Maybe I’ll finally un-disable that auto-backup feature on my phone. On second thought, only if you decouple the uploading of photos and videos. Auto-uploading videos KILLS the battery, and leads to crappy comedic premises that are used to sell Apple products.
TribalMixes is a “private torrent tracker” that’s been around since 2006. I joined in 2007.
It’s a contemporary analogue to the old scenes where folks would tape record radio broadcasts or live performances and then share them with each other. One big difference now is that the copies are all perfect, and way easier to share.
The way private torrent trackers work is that they enforce a ratio.
They know your IP address, and only permit people who are also registered and visiting their website to share the torrented files that they track. The website knows exactly how much data you’ve downloaded, and how much you’ve uploaded. In this case, the first has to be at least 0.4 of the second, or you’re cut off.
There’s an elaborate system of games (e.g. raffles) and gifts (free upload credit for visiting the site), and they also reward donations with upload credit.
At Durty Nelly‘s there’s a machine that looks like an ATM. It’s very easy to use.
- Open the bitcoin app you downloaded and hold it up to the window on the machine.
- Insert money into the machine.
- ??? wait ???
- Now you have bitcoin.
Penny Arcade explains it best.
Having donated my $5 to the site, it appears I have an invite to share. Hit me up in the comments if you’re interested in joining it. To see if it’s up your alley, here’s the last ten things to be posted there as I’m writing this:
Apparently, this has been loudly complained about from at least Aug. 27, 2011 through as late as Sep. 15, 2013:
In Canada, it turns out that we even own photos we took for someone else.
Why you want to mess with my photos, Google?
There’s all kinds of things that bother me about the recent coverage of the NSA surveillance issues. For example, us Canadians have known about it forever — that’s why our Universities have had policies against allowing student data to be transmitted to servers in the States since the Patriot Act was first passed.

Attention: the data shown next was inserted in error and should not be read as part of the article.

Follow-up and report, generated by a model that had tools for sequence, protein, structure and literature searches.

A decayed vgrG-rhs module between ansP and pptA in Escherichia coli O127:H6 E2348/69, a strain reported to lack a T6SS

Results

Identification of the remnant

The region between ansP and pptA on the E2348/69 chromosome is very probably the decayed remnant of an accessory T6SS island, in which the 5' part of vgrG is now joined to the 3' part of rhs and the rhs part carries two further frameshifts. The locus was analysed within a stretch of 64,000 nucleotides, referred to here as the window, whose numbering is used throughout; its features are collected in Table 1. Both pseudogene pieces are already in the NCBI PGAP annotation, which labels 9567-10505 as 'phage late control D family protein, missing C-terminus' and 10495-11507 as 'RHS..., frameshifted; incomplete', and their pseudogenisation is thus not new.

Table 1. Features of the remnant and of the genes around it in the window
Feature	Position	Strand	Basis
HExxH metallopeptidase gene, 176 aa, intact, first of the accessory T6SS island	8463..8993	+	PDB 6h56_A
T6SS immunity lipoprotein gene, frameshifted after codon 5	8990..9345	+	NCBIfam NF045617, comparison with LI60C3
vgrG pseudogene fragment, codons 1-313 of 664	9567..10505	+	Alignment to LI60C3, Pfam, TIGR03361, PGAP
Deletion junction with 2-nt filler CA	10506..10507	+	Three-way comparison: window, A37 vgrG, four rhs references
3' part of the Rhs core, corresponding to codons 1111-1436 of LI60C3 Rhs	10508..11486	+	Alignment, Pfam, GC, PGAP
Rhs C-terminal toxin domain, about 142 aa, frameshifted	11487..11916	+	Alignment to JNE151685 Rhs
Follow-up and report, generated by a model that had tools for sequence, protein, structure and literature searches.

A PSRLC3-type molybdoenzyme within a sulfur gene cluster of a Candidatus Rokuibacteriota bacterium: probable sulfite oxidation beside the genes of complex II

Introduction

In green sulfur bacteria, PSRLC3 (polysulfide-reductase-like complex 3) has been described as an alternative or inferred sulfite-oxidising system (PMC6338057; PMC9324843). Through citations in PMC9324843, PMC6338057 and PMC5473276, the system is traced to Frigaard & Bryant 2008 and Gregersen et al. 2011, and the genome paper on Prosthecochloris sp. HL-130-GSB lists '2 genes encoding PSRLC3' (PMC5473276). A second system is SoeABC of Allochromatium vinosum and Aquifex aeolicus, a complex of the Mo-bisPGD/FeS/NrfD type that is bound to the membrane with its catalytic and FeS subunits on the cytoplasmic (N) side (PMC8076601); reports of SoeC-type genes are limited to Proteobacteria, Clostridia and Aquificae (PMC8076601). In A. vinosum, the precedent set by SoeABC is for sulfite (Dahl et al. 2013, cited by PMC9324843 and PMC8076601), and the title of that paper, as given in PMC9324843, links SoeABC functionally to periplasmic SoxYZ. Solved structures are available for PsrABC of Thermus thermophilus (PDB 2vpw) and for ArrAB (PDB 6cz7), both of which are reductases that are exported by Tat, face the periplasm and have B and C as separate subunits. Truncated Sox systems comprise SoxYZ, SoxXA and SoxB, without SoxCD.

Now, as my man PK reminded us recently, knowing something that will be public a tiny bit before other people find out can be extremely valuable.
So why hasn’t anyone pointed out that those in the know could be making money hand over fist, with almost no chance of getting caught, in a socially destructive way? Isn’t this at least as worrisome as the potential blackmail/panopticon effect on democracy/selective harassment issues?
“At present Google+ API (released in September 2011) provides read-only access to public data, hence posts only go one way.”
If you read the reviews for the hacky WP extension mentioned there, you discover that it’s totally broken. In the words of a reviewer as of April 2013,
“This worked one time, several months ago, and since then has failed every time. This may not be the fault of the developer, but of Google, who closed the option to post that was exploited by this plugin (not positive that’s the case, but it DID work one time for me).”
There are tons of elegant plugins, with full API support for pushing WP content to your Facebook profile. Isn’t this a barrier to Google+ adoption, or at least a drag on its traction? Or is the Google juggernaut powerful enough to get people to post there natively/manually?